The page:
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SDOP celebrates partnerships in Dominican Republic

July 1, 2010

Two women carrying blocks of concrete.

At the SDOP partnership Women’s Federation Marcelina de los Santos, nine women are employed at a block factory.

LOUISVILLE

Five years ago, Self-Development of People, a ministry of the Presbyterian Church (U.S.A), realized it would need to change its international strategy if it wanted to continue being effective in its mission of providing a hand up — not a hand out.

In the face of decreasing funds and increasing poverty, SDOP decided the most effective way of working would be to identify intermediary partners around the world and then commit to focus funding in one region.

SDOP chose the Dominican Republic as its focus — it began working there in 2007.

And at its May meeting, SDOP’s National Committee traveled to that country to celebrate the work accomplished.

At a celebration of the completion of a water system, chairwoman Virginia Toliver cut the ribbon for the project, which brings drinkable water to more than 4,200 residents of Batey Palmarejo.

While in the Dominican Republic, SDOP visited other partner sites:

  • The Women’s Federation Marcelina de los Santos, where nine women are gainfully employed in a block-making factory. Twenty other women in the community make and sell cheese and bakery items. 

Said coordinator Genoveva Castillo, “When we first met we had to travel long distances to mainly domestic jobs, we left our children and families for long periods of times for low-paying jobs. We knew given the chance we could make our cheese factory and bakery work. We took turns staying and making items to sell, we took turns going to different locations to sell our items. Thanks to your help we have a fully operational kitchen, not just a slab of concrete as before and all that we make we sell. We are now taking care of ourselves and our families without having to leave our community. We no longer feel powerless.” 

 

  • The Women’s Development Federation of Guerra has a fully operational bakery with stores in Guerra carrying their products. The group has a fully stocked warehouse that supplies community stores with staples such as rice, oils, and flour. The women make and sell bricks to developers and contractors in different parts of the country. Thanks to the fruits of their labor they have been able to open a fully staffed nursery and preschool. 

Coordinator Altagracia Mosquea writes, “The three projects funded by SDOP have had a positive impact on the group members because the women have increased their income, the work quality is much better, the sales have increased, and more women have jobs. The community is receiving better services. The bakery has also generated other jobs because we are buying raw materials like milk, coconut, and firewood. Thank you for your confidence in us. As women we are more respected in the community and our voices are listened to.”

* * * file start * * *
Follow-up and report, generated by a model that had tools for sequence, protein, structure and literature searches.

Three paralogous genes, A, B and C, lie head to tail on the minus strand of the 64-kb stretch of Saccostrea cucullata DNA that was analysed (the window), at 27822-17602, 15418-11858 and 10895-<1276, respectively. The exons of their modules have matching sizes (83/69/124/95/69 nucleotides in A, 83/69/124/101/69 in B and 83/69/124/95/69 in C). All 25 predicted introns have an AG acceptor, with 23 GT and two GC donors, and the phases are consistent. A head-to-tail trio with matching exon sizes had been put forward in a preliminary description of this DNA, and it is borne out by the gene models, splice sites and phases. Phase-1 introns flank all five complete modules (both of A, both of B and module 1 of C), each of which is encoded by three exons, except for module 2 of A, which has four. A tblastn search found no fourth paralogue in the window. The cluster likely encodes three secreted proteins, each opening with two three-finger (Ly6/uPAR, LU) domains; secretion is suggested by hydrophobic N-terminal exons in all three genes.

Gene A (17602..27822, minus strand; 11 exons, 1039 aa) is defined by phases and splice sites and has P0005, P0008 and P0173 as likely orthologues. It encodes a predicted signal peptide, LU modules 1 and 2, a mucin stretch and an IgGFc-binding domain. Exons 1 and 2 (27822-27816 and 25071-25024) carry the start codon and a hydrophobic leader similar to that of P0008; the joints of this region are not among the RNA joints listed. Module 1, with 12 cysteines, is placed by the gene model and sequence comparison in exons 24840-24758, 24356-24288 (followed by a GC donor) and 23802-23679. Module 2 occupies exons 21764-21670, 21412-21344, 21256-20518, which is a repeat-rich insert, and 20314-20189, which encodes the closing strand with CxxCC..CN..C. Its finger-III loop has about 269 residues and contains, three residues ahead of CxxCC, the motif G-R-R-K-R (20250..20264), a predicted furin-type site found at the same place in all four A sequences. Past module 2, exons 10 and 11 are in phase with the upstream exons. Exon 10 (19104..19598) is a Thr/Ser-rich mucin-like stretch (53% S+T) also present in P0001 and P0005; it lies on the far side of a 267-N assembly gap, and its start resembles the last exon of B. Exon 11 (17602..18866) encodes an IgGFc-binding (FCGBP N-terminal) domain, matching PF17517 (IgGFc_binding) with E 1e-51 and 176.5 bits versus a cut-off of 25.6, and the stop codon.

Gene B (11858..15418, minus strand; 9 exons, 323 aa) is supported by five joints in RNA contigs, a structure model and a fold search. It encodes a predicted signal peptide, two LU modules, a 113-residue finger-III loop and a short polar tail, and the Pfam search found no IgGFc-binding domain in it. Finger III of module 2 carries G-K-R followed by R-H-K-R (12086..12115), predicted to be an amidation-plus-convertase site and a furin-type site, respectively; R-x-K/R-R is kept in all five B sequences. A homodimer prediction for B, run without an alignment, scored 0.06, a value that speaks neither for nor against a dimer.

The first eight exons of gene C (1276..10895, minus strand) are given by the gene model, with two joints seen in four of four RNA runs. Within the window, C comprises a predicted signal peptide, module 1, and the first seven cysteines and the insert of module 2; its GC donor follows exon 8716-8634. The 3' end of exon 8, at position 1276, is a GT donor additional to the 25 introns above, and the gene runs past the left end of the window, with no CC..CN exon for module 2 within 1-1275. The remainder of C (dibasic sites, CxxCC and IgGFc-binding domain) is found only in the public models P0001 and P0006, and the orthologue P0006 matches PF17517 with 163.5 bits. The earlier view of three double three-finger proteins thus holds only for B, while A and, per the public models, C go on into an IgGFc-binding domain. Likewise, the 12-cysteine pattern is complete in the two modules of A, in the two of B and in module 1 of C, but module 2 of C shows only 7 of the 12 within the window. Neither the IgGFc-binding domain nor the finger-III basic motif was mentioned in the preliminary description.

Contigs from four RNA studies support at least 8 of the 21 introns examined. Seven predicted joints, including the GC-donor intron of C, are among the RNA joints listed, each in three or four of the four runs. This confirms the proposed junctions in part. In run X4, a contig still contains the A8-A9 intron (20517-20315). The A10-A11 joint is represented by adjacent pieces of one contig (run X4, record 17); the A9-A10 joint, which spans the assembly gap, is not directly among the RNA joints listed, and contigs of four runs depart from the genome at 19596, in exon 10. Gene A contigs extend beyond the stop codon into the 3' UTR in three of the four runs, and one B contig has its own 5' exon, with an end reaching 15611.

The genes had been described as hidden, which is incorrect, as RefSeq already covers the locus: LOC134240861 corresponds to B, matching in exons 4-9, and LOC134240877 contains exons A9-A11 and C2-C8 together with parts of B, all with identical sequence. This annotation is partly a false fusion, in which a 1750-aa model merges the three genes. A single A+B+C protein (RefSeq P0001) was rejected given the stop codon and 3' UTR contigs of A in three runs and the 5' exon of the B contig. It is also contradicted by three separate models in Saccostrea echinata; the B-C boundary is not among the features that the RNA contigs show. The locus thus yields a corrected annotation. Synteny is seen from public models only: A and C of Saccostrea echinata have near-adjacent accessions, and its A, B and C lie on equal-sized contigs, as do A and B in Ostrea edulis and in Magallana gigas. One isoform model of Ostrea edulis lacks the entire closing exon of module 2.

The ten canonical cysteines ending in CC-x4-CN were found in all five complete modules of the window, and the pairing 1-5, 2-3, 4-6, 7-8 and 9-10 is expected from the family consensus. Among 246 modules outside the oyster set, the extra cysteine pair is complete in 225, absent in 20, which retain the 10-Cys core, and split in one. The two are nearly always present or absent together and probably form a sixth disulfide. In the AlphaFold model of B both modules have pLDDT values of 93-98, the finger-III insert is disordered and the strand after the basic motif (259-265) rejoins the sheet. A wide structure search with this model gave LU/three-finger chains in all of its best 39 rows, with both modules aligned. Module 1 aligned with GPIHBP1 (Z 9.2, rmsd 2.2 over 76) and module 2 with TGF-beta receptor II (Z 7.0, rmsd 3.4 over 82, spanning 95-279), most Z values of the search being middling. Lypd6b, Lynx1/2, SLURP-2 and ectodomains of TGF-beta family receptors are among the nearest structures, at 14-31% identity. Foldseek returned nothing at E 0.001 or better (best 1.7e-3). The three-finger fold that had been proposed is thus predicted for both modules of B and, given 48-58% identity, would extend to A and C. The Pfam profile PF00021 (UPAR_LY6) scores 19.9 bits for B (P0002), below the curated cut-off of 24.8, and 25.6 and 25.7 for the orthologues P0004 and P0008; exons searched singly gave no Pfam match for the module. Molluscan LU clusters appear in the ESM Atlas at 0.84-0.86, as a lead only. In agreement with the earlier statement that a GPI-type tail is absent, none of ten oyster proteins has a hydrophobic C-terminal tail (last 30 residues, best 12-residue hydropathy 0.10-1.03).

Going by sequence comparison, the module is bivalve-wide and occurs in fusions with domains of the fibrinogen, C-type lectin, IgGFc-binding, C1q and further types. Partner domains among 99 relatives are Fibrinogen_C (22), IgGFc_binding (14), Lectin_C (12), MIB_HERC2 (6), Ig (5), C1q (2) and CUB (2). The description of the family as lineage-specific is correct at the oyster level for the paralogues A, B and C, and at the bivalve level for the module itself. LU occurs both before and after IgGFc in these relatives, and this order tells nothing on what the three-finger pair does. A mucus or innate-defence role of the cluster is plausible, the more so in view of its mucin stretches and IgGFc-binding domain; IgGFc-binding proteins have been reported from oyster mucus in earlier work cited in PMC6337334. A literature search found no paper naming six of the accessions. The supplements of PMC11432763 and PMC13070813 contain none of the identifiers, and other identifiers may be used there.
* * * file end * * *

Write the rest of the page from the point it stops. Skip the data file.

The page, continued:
• In the Dominican Republic, women traditionally do not make or upholster furniture, but the women of AMUTEC do. They have a showroom displaying mahogany bedroom sets, designed and upholstered living room sets, unique window dressings, tapestries and other large wood crafted items. 

Four years ago the women were in a dilapidated warehouse with a roof that leaked in the rain. They constantly worried about being robbed because their building did not have proper security. Thanks to their partnership with SDOP, they now have a second floor and a roof that does not leak. They have secure windows and doors. They now feel safe. Their furniture and crafts are selling and they are providing technical assistance to women in other parts of the country developing similar enterprises. Over 700 people are benefiting from this project.

“The SDOP support has been very important to us; this partnership is a blessing from God. We are thankful for your love and be sure that the women of AMUTEC are willing to collaborate with SDOP anytime.,” AMUTEC stated.

Pilar, a member of AMUTEC, made wooden crosses for members rotating off the General Assembly Mission Council.

  • In Azua rice farmers are thankful for assistance from the Japanese Embassy and SDOP because they now have their own rice processing facility and are able to sell their own products, feed their families and have seeds for the next year’s crop. 

“The producers participated in preparation, seedtime, and harvest. They were involved in all of these activities. To have the mill installed we hired other people from the community with more expertise. We are thankful for your support,” said Manuel Tejeda, a member of the project.

With good news also come roadblocks and some disappointment. For example, at an SDOP-partnered water system, resident noticed a foul odor coming from the well. Although the residents are using the water for washing clothes and bathing, they are not using it for cooking and drinking. To correct the problem, the underground source of water is being tested to determine the source of the odor. The residents of this community should have full use of the water in the next several months.

Since 2007, SDOP has partnered with 16 Dominican communities for a total of $539,602.

In 2009, SDOP named Belize as the new country of focus.

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